1. re: HumbleFoodie

                    Wow ...that is quite the speedy turnaround! Sounds like it has all come together. Yay!!!!!

              2. My favorite simple meals are mainly pasta and sauce. I dice fresh tomatoes (I always peel them, but that's a preference,) season with fresh, minced garlic and basil, a little bit of salt. I boil some noodles, my preference is angel-hair, then drain the pasta. I use the warm pasta pot, put just enough oil to cover the bottom, and add the fresh tomatoes, cooking just long enough to soften them a bit. The tomatoes go over the pasta. I might add some chunks of fresh mozzarella if I have any. Served with a salad, this is a meal for me.

                2 Replies
                1. re: hippiechickinsing

                  In the summer, I do an uncooked 'sauce.' I put chopped tomatoes, capers, basil, anything really, drizzle with oo, s&p. Oh and some grated Parm or equivalent and dump cooked linguine over. Toss and eat.

                  1. re: c oliver

                    me, too -- the warmth of the pasta is enough to warm the 'sauce'

                2. look for videos and television shows -- even kids' cooking shows are a good start. The Food Network "How to Boil Water" is a pretty good one.

                  Find a good basic cook book or two -- I have friends who like "How to Boil Water" (yes, the same as the series above) -- and "How to Cook Everything" by Mark Bittman.

                  start slow. Start with pasta. Heat up some jarred spaghetti sauce and nuke some frozen meatballs.

                  Dinner's done.

                  Keep in mind that less heat is almost always better than too much heat...Be patient.

                  And good for you for recognizing that it's good to be able to feed yourself -- for health and economic reasons.

                  May you come to enjoy cooking as much as the rest of us here.

                  (and yes -- come back and ask us more questions.)

                  2 Replies
                  1. re: sunshine842

                    "Keep in mind that less heat is almost always better than too much heat...Be patient."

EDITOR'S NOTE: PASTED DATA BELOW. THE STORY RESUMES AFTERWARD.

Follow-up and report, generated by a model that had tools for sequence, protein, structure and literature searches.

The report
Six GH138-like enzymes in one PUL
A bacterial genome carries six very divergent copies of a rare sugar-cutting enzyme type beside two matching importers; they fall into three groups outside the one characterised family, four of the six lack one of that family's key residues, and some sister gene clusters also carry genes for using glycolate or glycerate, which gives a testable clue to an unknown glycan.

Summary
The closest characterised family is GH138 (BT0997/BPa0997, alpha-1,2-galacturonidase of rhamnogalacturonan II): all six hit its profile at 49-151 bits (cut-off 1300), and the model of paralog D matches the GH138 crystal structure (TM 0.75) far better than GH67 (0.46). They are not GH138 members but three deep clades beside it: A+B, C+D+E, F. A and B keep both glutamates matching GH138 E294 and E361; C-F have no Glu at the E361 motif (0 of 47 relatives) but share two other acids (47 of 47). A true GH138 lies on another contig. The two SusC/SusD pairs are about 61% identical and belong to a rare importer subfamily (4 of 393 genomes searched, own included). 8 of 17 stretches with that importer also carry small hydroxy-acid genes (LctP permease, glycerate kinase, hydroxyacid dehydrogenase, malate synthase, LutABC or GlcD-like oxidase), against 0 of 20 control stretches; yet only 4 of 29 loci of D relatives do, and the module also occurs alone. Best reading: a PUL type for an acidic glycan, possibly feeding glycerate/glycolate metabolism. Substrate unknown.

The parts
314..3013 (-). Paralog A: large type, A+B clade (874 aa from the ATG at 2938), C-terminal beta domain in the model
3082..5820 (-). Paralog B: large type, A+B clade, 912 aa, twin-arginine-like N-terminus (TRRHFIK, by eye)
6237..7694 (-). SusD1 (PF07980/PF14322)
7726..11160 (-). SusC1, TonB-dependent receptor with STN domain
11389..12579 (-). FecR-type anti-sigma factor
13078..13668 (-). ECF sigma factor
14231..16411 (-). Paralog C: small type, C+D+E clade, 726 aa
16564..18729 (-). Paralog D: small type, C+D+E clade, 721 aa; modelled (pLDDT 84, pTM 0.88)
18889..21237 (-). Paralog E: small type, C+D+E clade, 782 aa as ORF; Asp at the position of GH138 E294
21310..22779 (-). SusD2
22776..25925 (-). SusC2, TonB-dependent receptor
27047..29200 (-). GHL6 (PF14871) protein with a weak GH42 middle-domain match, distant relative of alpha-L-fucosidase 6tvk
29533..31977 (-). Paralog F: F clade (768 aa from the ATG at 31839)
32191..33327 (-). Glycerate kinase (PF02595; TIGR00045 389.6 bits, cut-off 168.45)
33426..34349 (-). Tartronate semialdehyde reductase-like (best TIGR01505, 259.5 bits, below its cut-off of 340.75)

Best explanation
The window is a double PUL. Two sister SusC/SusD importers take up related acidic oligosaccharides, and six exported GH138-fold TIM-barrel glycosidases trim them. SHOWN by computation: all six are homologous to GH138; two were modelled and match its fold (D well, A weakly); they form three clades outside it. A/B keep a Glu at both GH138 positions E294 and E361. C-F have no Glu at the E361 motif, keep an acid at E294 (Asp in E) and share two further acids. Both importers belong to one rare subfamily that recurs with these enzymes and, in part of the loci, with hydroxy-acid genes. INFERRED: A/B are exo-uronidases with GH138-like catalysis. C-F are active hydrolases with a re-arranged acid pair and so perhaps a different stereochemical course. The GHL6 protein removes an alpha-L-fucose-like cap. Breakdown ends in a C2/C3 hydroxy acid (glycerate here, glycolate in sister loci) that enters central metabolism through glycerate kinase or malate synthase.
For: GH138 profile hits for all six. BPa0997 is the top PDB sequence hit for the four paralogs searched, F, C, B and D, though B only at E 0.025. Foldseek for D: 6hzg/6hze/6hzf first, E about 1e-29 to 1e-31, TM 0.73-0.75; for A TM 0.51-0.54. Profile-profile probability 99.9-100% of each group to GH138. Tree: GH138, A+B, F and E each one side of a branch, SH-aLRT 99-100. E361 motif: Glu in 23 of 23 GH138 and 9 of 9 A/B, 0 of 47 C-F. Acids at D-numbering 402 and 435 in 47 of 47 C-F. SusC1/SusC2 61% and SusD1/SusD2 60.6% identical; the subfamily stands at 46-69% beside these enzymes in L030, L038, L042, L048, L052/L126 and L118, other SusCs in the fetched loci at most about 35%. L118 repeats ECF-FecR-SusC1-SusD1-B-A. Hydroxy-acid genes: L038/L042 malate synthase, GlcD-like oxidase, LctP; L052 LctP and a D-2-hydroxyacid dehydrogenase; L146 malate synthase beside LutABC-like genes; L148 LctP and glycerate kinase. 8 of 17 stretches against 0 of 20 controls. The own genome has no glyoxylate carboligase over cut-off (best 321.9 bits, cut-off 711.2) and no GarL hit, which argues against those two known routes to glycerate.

~~~~~~~
                    Good point. Flavors concentrate as ingredients are cooked together. What doesn't seem spicy or too lemony when first added and tasted can intensify with a bit more cooking, leading to a "holy crap, this is too spicy/lemony for me!"

                    1. re: LindaWhit

                      Very good point ... and I think especially true where dry spices and herbs are concerned. I wait 5-10 minutes or so to discern the effect of the dried spices I added.

                  2. I suggest that you find a very patient cook who will spend time with you and show you some cooking tips or take some cooking lessons.
                    Pasta sauce is quite easy to make and you can customize to your liking. You need strained tomatoes in a jar, tomatoes, garlic, ground beef if not vegan.
                    Youtube has some great ideas for home cooking.

                    1 Reply
                    1. re: Ruthie789

                      Study your supermarket and you will find dozens of very good pasta sauces in jars. 1) Add to cooked pasta and frozen meatballs as per the excellent suggestion above. 2) Brown ground beef in frying pan with a little fat then add a little, not a lot, of the pasta sauce to make Sloppy Joe to eat on hamburger buns. 3) Now here is your magnum opus: lasagna. No kidding. Buy the "no boil" lasagna noodles, 2 big jars of pasta sauce, a pint of ricotta cheese, a package of italian sausage, and a package of shredded Mozzarella cheese. Fry up the sausage in a frying pan and drain off extra fat then add the sausage meat to your pasta sauce. Beat 2 eggs with the ricotta until well-mixed. Now take a big deep pan or baking dish and spray it with no-stick stuff like PAM. Layer in it the sauce + sausage, the ricotta, and the dry noodles, ending with sauce. Sprinkle the Mozzarella on top. Cover tightly with aluminum foil and bake for 1 1/2 hours @ 350---after the first hour, remove the foil. You will end up with 8-12 portions of lasagna. After you refrigerate it and it gets cold and stiff, cut it in squares. Wrap each square in plastic wrap and put it in a plastic sandwich bag and freeze. Voila: many future dinners to be heated quickly in microwave---just make a salad to go with.